• Forerunner and most successful ACT team in Georgia. • Launched the first Forensic Assertive Community Treatment (FACT) team in Georgia. • Added to the body of knowledge in mental health by conducting a cost benefit study of FACT.
• Demonstrated more than $1,114,000 in savings to institutions such as jails, psychiatric hospitals and shelters in one year. • Reduced psychiatric hospital admissions and criminal arrests by more than 75%, and measurably improved clinical symptoms. • Provided permanent supportive housing to more than 200 chronically homeless persons
• Acquired an apartment complex dedicated to chronically homeless persons. • Accredited by international accrediting board – CARF • Dedicated clinical and leadership team
DURING THE PAST 10 YEARS... TEN YEARS OF REACHING THE THE BEGINNING REACHING THE HARD TO REACH It takes vision, commitment and a self-sacrificing willingness to serve in order to tackle the giants of mental illness, homelessness, and hospital overcrowding. Shirley Hamilton launched Georgia Rehabilitation Outreach, Inc. (GRO), a nonprofit behavioral health organization, in 1998 to support the growing number of Individuals affected by severe and persistent mental illness and homelessness. GRO’s incubation can be traced to 1994 when Hamilton and her team at Georgia Regional Hospital at Atlanta, successfully demonstrated the Assertive Community Treatment model (ACT) as an approach to decrease overcrowding. The impact was significant — a 75 percent decrease in recidivism among 200 of the highest users of the hospital. But Hamilton knew more could and should be done. Her vision: to establish a more flexible, community-outreach based behavioral health organization. The goal: to promote self-sufficiency and community integration of individuals plagued with serious, persistent mental illness and homelessness.
GRO would like to thank former and current members, volunteers and stakeholders who supported us over the years through their leadership and generous donations of their time and resources. Board of Directors:
Charlene Turner, LCSW, Chair Byron Jeff, Ph.D., Vice Chair
Troy Ellis, Secretary/Treasurer Patsy Jo Hilliard
GEORGIA REACHING THE HARD TO REACH HARD TO REACH TEN YEARS OF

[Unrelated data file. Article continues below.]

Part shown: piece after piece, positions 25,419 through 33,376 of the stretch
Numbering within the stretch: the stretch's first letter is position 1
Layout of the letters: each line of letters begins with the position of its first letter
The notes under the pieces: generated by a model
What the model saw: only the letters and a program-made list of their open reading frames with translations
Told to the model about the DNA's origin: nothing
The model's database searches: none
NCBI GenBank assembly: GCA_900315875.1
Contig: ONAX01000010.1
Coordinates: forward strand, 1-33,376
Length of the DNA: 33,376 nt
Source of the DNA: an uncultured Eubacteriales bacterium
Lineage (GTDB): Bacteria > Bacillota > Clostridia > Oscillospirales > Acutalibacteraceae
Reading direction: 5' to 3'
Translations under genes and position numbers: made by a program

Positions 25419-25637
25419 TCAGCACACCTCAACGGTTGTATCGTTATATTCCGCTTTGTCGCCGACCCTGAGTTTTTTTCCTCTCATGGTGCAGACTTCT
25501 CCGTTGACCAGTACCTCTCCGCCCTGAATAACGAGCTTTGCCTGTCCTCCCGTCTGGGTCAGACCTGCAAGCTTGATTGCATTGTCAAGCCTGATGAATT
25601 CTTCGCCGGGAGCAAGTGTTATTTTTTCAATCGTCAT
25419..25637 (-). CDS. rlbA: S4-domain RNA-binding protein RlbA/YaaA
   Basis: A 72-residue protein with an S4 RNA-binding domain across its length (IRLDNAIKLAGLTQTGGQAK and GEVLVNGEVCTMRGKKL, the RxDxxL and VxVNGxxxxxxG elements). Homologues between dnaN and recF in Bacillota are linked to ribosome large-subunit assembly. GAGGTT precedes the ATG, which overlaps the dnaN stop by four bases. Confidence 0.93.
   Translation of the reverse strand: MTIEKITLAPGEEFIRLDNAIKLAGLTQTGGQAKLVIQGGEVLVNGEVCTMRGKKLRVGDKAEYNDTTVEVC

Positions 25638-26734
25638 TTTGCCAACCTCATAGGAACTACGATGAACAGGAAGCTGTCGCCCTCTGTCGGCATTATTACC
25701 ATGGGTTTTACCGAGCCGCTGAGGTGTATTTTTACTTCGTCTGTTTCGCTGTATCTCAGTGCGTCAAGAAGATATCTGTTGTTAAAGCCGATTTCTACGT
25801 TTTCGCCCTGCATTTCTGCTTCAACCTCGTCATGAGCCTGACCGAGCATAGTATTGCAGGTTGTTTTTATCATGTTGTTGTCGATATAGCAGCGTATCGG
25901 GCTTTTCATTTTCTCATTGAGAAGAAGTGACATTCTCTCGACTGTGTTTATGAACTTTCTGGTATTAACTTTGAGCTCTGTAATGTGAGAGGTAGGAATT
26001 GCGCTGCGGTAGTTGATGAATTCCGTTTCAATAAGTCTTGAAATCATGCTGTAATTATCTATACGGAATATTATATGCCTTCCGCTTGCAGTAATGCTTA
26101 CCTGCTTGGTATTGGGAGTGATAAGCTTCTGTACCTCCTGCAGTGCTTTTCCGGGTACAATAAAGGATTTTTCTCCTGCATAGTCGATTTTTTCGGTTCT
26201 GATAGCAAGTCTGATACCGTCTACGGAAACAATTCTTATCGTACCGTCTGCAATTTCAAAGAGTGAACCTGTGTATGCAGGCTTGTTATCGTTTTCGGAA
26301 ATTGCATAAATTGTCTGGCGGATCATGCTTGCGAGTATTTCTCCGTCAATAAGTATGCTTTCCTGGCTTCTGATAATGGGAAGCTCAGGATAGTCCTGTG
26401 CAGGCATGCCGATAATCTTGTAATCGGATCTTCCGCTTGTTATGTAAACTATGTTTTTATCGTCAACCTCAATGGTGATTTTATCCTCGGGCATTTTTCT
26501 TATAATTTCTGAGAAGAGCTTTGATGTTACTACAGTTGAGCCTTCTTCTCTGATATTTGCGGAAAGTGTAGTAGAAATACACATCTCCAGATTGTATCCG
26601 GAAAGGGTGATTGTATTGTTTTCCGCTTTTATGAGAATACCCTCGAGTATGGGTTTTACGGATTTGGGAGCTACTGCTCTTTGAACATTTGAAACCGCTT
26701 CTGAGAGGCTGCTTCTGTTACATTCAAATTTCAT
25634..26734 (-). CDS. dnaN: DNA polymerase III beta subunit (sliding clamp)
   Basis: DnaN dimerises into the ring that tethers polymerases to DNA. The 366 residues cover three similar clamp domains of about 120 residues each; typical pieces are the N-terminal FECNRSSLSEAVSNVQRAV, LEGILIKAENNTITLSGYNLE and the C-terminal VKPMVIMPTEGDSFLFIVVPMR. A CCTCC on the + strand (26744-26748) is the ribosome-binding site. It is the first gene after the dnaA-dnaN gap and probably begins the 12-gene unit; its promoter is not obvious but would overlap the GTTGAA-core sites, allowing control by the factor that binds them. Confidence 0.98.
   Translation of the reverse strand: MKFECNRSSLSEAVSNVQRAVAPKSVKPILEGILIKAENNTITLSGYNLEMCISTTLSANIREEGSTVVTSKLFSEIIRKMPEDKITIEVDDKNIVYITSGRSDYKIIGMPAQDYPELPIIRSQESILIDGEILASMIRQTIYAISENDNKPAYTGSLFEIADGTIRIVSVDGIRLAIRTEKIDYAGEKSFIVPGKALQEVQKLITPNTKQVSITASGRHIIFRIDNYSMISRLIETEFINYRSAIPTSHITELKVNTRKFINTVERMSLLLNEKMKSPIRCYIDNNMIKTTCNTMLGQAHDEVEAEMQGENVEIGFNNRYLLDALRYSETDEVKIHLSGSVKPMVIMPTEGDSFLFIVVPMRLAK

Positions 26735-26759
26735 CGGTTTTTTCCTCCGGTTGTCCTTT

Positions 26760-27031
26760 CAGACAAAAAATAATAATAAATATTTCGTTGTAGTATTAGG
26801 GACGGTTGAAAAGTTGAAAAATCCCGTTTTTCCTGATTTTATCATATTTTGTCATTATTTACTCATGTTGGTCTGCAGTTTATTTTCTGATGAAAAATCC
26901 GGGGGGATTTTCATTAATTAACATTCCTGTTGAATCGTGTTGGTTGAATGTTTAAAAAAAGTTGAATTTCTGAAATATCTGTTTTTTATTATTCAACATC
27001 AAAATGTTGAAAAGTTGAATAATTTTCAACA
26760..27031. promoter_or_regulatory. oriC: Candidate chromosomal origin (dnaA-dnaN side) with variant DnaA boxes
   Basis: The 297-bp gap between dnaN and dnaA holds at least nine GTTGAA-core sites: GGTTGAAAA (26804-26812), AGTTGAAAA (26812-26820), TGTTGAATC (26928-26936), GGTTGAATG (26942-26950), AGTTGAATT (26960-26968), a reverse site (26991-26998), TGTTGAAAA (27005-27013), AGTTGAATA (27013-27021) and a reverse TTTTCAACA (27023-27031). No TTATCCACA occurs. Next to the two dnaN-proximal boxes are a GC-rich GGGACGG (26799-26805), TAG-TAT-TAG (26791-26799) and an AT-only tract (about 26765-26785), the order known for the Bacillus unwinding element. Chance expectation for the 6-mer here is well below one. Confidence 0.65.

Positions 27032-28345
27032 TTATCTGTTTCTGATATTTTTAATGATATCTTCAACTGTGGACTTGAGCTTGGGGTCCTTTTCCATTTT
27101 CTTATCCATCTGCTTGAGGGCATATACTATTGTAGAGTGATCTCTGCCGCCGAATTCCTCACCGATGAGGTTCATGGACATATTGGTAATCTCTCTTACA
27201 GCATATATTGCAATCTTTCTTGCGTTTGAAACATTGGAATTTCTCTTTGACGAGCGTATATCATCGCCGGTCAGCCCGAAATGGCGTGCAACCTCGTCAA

TEN YEARS OF REACHING THE
OUTREACH HARD TO REACH TEN YEARS OF REACHING THE HARD TO REACH TEN YEARS OF REACHING THE HARD TO REACH TEN YEARS OF
The consensus and the statistics underscored the fact that this population had been underserved in the traditional mental health system. So in 1999, GRO was awarded a grant by the Department of Mental Health, Developmental Disabilities and Addictive Diseases to continue its success and to expand its services.
REACHING THE HARD TO REACH
GRO specializes in overcoming barriers and reaching the hard-to-reach, offering services that are flexible, accessible and choice-driven. The vision and commitment of the members of the organization continue to make a difference in the field of behavioral health.
TEN YEARS OF REACHING THE 1777 Washington Ave. East Point, GA 30344 404.892.0998 www.garehaboutreach.org
HARD TO REACH TEN YEARS OF
YEARS OF SERVICE
REACHING THE HARD TO REACH GROreport_toprint.indd 1
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Current Cutting-Edge Programs Assertive Community Treatment (ACT) ACT is an evidence-based recovery model designed to treat and support persons with serious persistent mental illness. It is a comprehensive, all inclusive, person-centered rehabilitation team approach that helps individuals develop skills for living in the community. Typically, persons served have not responded well to traditional mental health programs; they are hard to reach, requiring frequent visits and creative engagement techniques. The ACT team is accessible 24 hours a day, 365 days a year. Services include diagnostic assessment, evaluation, medication administration and education, vocational training, employment assistance, social and life skills training (i.e. money management, household maintenance, use of public transportation and assistance with resource attainment and management) coping and problem resolution skills, etc. The ACT model has been proven to be clinically beneficial and cost effective. Community Housing/Residential GRO recognizes homelessness or a lack of housing choice is a leading factor contributing to mental illness, poor physical health, hospital and jail recidivism, social problems and even death. Given the opportunity to live in decent, safe, affordable, housing, persons with special needs not only have improved clinical outcomes, but improved quality of life.